Dear Senate President Francis:
We write to raise several significant concerns regarding the Legislature’s consideration of Bill No. 33-0363. Do the citizens of the territory have the legal right to protect the rum cover over money from being controlled by a private entity? We believe that the Revised Organic Act (ROA) does not permit the legislature to create a private entity to receive the rum cover over matching funds.
The ROA does not give the Virgin Islands legislature the right to delegate its responsibility of oversight of government funds to a private organization created by the Legislature. The ROA is very specific in referring to monies transmitted to the Virgin Islands from the federal government through the ROA. The ROA consistently refers to the “Treasury of the Virgin Islands” regarding all funds earned by Virgin Islands citizens from the federal government. The ROA’s specific reference to “Treasury of the Virgin Islands,” simply and very directly prevents the Legislature from creating a private entity for receipt of the rum cover over money. See ‘The Revised Organic Act of the Virgin Islands’ section 28, section 28 A and section 28 C.
Next, we think it’s necessary to point out serious flaws in the legislation you have considered. Section 1404 has attempts to establish the Matching Fund Securitization Corporation as a special purpose, independent and autonomous, public corporation and government instrumentality of the government of the Virgin Islands. This attempt fails miserably because WICO and other government instrumentalities have been held to be government entities despite language attempting to distance the entity from the government.
Therefore, the language in the formation of the corporation is contradictory, ambiguous and cannot withstand scrutiny before the courts of the Virgin Islands or the federal courts.
Now, we turn to the language creating a three-member board of directors. This language dictates that a quorum of two people out of a territory of over 100,000 people would be deciding the faith of the revenues that come into the territory from the federal government. This is simply unacceptable and a total violation of the public trust in elected leaders; this is tantamount to an abdication of the legislative powers granted to the Legislature under the U.S. Constitution and the Revised Organic Act. The governor appoints two private citizens as independent members of this board. These decisions can be made without legislative input. The governor appoints them without legislative review. This is simply unacceptable in democratic tri-partied government. See sections F(1), F(3), F(4), and F(5).
To add insult to injury, section J states “No Virgin Islands laws, rules, or orders governing procurement or administrative procedures, or personnel apply to the Corporation, its activities, board members, officers, or employees, except as otherwise provided for in this chapter.” This provision flies in the face of applicable rules, regulations and laws that would govern this entity. Although section 1410 choice of law attempts to rectify the laws governing the formation of this corporation, this only serves to create ambiguity and uncertainty; this mixture of unclear and ambiguous provisions make this entire bill unworkable.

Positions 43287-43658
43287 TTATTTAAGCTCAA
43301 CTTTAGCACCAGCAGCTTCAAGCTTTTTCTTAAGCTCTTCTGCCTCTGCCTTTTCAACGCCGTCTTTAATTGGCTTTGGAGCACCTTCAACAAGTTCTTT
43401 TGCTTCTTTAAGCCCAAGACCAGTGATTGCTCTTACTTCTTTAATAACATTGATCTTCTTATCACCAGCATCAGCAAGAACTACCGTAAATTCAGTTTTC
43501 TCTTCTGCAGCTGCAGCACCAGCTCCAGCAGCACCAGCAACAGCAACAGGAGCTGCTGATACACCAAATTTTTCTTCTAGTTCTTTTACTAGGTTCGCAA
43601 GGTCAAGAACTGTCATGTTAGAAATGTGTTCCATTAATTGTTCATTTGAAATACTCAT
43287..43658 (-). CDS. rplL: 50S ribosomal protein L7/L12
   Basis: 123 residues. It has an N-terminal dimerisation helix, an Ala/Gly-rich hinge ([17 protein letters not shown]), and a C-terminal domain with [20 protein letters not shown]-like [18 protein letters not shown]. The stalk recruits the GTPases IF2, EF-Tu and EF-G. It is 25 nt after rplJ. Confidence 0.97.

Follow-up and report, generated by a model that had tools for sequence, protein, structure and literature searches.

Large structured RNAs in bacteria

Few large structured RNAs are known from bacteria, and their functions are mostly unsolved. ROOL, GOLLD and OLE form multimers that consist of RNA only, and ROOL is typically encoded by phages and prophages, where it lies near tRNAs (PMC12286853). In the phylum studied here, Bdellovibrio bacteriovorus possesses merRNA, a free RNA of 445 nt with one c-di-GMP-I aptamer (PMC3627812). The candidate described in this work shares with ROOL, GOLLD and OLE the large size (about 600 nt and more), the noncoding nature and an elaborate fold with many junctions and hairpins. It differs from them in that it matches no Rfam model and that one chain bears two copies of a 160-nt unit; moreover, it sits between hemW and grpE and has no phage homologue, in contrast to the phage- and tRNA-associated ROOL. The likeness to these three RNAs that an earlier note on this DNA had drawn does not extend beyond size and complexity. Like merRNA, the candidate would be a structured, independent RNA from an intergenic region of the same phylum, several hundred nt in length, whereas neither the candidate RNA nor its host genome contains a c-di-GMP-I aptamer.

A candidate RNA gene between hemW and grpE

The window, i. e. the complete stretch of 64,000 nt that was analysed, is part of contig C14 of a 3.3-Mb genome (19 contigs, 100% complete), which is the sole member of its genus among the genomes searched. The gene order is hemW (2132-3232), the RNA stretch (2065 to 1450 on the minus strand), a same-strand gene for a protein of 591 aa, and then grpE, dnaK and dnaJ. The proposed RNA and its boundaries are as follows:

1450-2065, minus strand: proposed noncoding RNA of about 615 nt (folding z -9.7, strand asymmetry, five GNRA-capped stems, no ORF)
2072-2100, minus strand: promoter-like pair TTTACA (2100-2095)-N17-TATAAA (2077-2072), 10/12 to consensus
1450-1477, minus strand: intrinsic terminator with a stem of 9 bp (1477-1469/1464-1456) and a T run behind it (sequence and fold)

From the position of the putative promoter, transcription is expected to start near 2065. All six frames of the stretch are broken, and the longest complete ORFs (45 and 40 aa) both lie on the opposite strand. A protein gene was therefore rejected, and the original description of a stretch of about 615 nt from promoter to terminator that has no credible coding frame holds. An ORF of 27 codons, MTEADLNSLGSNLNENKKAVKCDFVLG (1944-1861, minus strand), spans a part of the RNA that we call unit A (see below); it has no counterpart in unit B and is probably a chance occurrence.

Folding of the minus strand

We understand that COVID-19 has severely hampered the tourism industry and the necessary capitalistic nature of the Virgin Islands economy. However, we first suggest to the 33rd Legislature, which as a body elected to protect the interest of Virgin Islands citizens, that you delay any action on this bill to correct the deficiencies and to particularly wait until after the national elections on Nov. 3, 2020. A democratic administration in the White House most certainly would see the Virgin Islands in a favorable light, especially concerning the funds necessary to save our economy and the GERS.
While we wait, we have suggestions for the legislature to set policies and laws for the entire government to operate efficiently, effectively and with increased productivity, and pray for Joe Biden to be elected president of the United States of America. We have suggestions for the government to operate efficiently with increased productivity:
Consider 5 V.I.C, section 80 and the litany of cases used by citizens of the Virgin Islands to protect certain rights.
- Cancel all leases. Use the state of emergency to cancel all lease agreements with private companies or individuals from the Government; renegotiate leases that are absolutely needed; when feasible buy the property and let those that are not needed go with maybe a small contractual payout.
- Cancel all independent contractors for waste disposal, trucking and other independent contracts that can be assigned to a government agency.
Absorb them into waste management, public works, human services or any applicable agency, depending on skills and expertise.
- Force WAPA to consider waste to energy for conservation of resources, promote renewable energy for all homes, institute a moratorium on the cost of energy and restructure the administration of WAPA and its enabling legislation.
Our suggestions provide a new beginning for government operations and the opportunity to turn the COVID-19 pandemic into an opportunity for government restructuring to meet the needs of the citizens of the Virgin Islands. We urge you to delay or suspend the adoption of this measure and consider our suggestions as positive and necessary changes.
Thank you for your consideration of our concerns and suggestions raised in this letter.
With best regards,
Helen Hart, president of GRUFF
Barbara Isaac, treasurer of GRUFF